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J Neurophysiol. 2010 Nov;104(5):2474-86. doi: 10.1152/jn.00977.2009. Epub 2010 Sep 8.

Activity in a cortical-basal ganglia circuit for song is required for social context-dependent vocal variability.

Author information

1
Department of Psychiatry, W. M. Keck Foundation Center for Integrative Neuroscience, University of California, San Francisco, San Francisco, CA 94143-0444, USA.

Abstract

Variability in adult motor output is important for enabling animals to respond to changing external conditions. Songbirds are useful for studying variability because they alter the amount of variation in their song depending on social context. When an adult zebra finch male sings to a female ("directed"), his song is highly stereotyped, but when he sings alone ("undirected"), his song varies across renditions. Lesions of the lateral magnocellular nucleus of the anterior nidopallium (LMAN), the output nucleus of a cortical-basal ganglia circuit for song, reduce song variability to that of the stereotyped "performance" state. However, such lesions not only eliminate LMAN's synaptic input to its targets, but can also cause structural or physiological changes in connected brain regions, and thus cannot assess whether the acute activity of LMAN is important for social modulation of adult song variability. To evaluate the effects of ongoing LMAN activity, we reversibly silenced LMAN in singing zebra finches by bilateral reverse microdialysis of the GABA(A) receptor agonist muscimol. We found that LMAN inactivation acutely reduced undirected song variability, both across and even within syllable renditions, to the level of directed song variability in all birds examined. Song variability returned to pre-muscimol inactivation levels after drug washout. However, unlike LMAN lesions, LMAN inactivation did not eliminate social context effects on song tempo in adult birds. These results indicate that the activity of LMAN neurons acutely and actively generates social context-dependent increases in adult song variability but that social regulation of tempo is more complex.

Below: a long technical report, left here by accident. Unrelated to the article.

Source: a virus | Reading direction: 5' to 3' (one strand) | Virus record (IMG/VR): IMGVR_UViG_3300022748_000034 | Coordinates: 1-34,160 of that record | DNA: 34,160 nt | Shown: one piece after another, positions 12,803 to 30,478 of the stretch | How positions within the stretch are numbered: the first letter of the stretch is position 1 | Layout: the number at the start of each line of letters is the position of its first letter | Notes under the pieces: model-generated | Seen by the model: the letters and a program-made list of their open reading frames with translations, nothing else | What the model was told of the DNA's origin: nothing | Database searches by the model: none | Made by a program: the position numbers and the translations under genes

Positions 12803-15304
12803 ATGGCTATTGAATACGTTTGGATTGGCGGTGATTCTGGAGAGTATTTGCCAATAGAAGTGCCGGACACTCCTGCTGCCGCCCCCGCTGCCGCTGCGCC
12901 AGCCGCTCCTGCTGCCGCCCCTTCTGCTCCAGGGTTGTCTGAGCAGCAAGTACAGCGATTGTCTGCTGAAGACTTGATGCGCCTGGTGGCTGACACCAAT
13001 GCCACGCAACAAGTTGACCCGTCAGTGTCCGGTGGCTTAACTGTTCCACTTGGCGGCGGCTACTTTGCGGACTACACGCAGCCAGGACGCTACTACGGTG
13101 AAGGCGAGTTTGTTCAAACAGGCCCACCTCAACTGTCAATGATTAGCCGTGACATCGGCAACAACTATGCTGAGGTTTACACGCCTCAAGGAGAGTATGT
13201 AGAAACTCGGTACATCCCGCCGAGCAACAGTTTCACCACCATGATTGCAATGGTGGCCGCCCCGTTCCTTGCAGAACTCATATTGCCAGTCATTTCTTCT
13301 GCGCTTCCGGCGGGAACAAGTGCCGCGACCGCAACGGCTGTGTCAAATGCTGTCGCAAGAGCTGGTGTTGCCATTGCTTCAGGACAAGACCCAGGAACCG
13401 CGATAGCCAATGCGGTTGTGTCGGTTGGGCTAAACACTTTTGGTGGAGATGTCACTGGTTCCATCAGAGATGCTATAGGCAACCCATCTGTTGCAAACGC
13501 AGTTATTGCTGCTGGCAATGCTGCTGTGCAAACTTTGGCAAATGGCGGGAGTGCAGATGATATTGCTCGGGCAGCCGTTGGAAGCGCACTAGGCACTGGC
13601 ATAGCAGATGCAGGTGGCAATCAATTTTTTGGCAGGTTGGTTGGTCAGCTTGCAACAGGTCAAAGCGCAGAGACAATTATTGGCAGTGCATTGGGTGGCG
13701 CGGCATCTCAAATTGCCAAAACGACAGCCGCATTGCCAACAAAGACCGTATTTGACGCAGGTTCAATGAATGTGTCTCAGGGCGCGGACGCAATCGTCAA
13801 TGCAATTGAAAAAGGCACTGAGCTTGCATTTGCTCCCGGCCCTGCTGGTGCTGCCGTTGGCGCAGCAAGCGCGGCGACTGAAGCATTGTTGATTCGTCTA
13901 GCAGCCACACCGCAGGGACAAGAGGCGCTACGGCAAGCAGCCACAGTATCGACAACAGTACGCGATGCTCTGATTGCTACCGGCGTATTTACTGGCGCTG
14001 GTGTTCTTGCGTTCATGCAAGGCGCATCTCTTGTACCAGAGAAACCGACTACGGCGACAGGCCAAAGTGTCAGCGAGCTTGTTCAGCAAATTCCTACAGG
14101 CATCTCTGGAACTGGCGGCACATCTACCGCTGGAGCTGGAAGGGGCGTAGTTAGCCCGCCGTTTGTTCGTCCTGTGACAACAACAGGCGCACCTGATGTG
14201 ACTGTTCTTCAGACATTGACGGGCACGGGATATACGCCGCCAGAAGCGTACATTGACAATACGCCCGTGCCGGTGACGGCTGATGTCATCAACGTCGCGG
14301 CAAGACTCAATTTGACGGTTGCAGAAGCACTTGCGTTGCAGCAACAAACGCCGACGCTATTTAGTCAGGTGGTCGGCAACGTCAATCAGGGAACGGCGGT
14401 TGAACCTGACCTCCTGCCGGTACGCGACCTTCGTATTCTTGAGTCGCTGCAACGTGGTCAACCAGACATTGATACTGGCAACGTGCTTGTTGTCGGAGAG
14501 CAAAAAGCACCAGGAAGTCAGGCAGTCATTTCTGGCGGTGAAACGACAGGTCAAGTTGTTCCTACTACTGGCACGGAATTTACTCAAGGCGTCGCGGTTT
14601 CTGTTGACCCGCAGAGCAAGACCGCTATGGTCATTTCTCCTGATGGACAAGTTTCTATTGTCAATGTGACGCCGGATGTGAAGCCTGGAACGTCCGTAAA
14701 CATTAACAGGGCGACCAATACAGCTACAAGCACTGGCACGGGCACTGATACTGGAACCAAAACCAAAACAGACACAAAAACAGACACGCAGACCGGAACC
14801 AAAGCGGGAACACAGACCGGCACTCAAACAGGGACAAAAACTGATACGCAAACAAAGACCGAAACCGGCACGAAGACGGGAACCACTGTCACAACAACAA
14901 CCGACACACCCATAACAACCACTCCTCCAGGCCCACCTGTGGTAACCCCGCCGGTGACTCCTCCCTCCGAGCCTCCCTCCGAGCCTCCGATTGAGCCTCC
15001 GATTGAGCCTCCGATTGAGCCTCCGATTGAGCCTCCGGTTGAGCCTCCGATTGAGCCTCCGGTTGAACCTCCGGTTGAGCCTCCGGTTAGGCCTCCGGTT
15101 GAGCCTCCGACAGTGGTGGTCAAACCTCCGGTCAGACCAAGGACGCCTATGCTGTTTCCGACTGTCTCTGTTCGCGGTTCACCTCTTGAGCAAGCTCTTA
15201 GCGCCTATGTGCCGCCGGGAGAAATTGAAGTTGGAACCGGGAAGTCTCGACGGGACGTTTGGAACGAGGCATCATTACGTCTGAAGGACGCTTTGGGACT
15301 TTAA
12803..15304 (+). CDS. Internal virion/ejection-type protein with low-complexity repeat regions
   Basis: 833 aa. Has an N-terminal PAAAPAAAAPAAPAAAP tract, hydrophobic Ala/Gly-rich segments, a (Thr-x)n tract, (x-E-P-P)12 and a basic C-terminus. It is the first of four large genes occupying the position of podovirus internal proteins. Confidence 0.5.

PMID:
20884763
PMCID:
PMC2997027
DOI:
10.1152/jn.00977.2009
[Indexed for MEDLINE]
Free PMC Article

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